Because the people sleeping in the St Pauli church speak for themselves, the relationship between the Africans and their German supporters resembles a coalition (albeit with a junior partner whose resources are limited). In this case at least, refugee advocates cannot represent migrants as voiceless and sufferers, and have to respect the fact that the migrants’ political demands may differ from their own.
While refugee advocates in Australia are often driven by their own compassion, and then try to elicit compassion, if not pity, in their campaigns, much of the European response to irregular migrants is marked by a sense of solidarity. Even the Pope, discussing irregular migrants during his visit to Lampedusa in July, seemed to rate solidarity more highly than compassion. In the short term, the emotions directed towards the suffering victim can be immensely powerful. But such emotions are fickle, and they don’t offer a long-term perspective. In comparison to the surge of feeling associated with compassion, the energy generated by a sense of solidarity may be weak, but unlike compassion, solidarity anticipates a viable future relationship between partners.
In her book On Revolution, Hannah Arendt, who believed that solidarity could – and ought to – “inspire and guide action,” put her finger on why sentiments are of dubious value in the fight for social and political justice:
[W]ithout the presence of misfortune, pity could not exist, and it therefore has just as much vested interest in the existence of the unhappy as thirst for power has a vested interest in the existence of the weak. Moreover, by virtue of being a sentiment, pity can be enjoyed for its own sake, and this will almost automatically lead to a glorification of its cause, which is the suffering of others.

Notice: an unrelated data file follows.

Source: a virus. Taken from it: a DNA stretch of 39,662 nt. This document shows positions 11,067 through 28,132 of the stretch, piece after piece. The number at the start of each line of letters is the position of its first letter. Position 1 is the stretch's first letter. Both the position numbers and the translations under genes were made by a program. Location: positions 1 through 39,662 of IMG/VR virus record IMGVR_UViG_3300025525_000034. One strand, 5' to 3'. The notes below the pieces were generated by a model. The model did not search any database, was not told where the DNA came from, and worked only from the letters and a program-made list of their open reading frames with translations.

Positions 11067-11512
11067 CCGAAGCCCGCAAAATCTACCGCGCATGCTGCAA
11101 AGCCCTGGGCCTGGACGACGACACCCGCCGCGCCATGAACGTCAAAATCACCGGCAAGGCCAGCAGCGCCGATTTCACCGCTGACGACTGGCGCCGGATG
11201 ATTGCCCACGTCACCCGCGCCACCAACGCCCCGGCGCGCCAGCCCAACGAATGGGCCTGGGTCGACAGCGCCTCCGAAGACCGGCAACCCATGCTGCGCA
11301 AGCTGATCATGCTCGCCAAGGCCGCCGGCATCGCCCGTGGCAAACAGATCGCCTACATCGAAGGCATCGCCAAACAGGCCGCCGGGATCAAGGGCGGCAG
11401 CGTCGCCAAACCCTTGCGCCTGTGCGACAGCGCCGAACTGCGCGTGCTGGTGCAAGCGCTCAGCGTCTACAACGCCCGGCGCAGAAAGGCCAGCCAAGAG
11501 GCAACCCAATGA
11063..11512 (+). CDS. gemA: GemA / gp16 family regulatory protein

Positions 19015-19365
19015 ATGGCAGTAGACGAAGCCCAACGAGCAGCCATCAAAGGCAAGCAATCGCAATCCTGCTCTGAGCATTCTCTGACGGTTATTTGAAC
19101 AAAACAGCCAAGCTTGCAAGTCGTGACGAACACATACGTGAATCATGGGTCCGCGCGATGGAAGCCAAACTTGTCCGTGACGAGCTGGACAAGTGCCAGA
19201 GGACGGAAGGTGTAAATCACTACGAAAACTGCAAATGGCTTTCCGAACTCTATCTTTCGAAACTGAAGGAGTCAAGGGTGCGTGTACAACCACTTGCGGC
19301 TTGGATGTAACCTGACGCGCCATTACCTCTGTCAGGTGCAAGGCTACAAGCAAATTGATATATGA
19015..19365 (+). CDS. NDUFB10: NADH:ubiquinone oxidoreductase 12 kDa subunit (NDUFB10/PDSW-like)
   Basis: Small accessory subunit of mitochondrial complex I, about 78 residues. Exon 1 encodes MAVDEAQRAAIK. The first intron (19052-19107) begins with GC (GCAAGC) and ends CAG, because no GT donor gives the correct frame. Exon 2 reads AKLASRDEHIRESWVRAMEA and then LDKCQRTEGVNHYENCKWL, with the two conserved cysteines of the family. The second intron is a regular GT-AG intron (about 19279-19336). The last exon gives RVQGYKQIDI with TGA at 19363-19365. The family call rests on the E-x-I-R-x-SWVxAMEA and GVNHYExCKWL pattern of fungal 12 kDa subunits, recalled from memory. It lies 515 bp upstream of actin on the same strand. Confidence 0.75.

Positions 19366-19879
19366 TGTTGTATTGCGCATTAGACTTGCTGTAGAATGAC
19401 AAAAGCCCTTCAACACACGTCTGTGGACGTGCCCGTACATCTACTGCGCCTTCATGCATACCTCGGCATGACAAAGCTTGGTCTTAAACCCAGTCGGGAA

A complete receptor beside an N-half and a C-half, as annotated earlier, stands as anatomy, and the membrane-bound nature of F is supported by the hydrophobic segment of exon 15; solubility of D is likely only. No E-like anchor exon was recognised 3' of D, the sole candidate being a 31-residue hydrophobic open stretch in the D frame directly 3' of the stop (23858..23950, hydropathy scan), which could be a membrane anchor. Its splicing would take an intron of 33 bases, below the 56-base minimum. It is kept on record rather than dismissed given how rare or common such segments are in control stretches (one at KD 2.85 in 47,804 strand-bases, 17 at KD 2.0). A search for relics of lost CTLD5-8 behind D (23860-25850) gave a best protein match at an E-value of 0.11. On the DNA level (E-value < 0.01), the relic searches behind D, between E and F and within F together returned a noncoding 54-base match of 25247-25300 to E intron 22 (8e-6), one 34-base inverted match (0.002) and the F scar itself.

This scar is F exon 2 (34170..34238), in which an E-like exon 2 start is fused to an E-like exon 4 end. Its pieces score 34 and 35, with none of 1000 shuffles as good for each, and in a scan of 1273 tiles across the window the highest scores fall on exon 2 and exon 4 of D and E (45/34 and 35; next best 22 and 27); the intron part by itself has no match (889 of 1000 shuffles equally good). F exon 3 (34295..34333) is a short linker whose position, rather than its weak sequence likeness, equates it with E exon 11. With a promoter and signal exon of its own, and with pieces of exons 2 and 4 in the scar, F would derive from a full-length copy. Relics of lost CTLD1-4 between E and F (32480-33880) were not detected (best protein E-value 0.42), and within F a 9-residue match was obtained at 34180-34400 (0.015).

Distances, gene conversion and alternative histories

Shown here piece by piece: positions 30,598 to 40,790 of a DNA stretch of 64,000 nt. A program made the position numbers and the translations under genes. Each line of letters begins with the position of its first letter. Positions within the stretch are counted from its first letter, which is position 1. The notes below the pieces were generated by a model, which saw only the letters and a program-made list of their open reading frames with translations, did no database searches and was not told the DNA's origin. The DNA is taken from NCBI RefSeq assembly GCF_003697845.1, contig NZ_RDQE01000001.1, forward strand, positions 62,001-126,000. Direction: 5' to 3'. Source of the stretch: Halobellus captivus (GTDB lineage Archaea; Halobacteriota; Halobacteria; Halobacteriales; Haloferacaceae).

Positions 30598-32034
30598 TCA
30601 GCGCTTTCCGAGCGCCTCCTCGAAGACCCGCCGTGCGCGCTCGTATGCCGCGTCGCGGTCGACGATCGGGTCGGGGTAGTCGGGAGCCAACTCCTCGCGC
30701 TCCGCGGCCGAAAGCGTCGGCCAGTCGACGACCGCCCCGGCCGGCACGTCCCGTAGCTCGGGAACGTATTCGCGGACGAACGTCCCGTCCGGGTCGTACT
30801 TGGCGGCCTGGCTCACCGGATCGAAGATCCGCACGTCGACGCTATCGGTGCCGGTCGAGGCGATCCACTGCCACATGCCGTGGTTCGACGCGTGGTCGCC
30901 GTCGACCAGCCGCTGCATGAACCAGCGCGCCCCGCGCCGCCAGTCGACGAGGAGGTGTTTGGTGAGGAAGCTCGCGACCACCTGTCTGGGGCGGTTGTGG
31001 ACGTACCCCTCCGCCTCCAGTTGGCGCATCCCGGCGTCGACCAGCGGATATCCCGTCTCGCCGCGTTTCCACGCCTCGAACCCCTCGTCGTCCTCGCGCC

The supporters of the African migrants recently argued their case in their St Pauli Manifesto. They took a stance, they say, “because we want to, because we are able to, and because we have to… We are confident that what we do can, could be done by any neighbourhood in Hamburg or anywhere else in this country. We want to set an example, one example of many. Anybody could follow it.” While that might not apply to Schneeberg or Western Sydney, it seems worth keeping a close watch on what is possible in St Pauli. Maybe the unconventional success story of the local football club could be replicated in an arena where people are fighting for what Hannah Arendt called “the right to have rights.” •
Klaus Neumann is Professor of History in the Swinburne Institute for Social Research.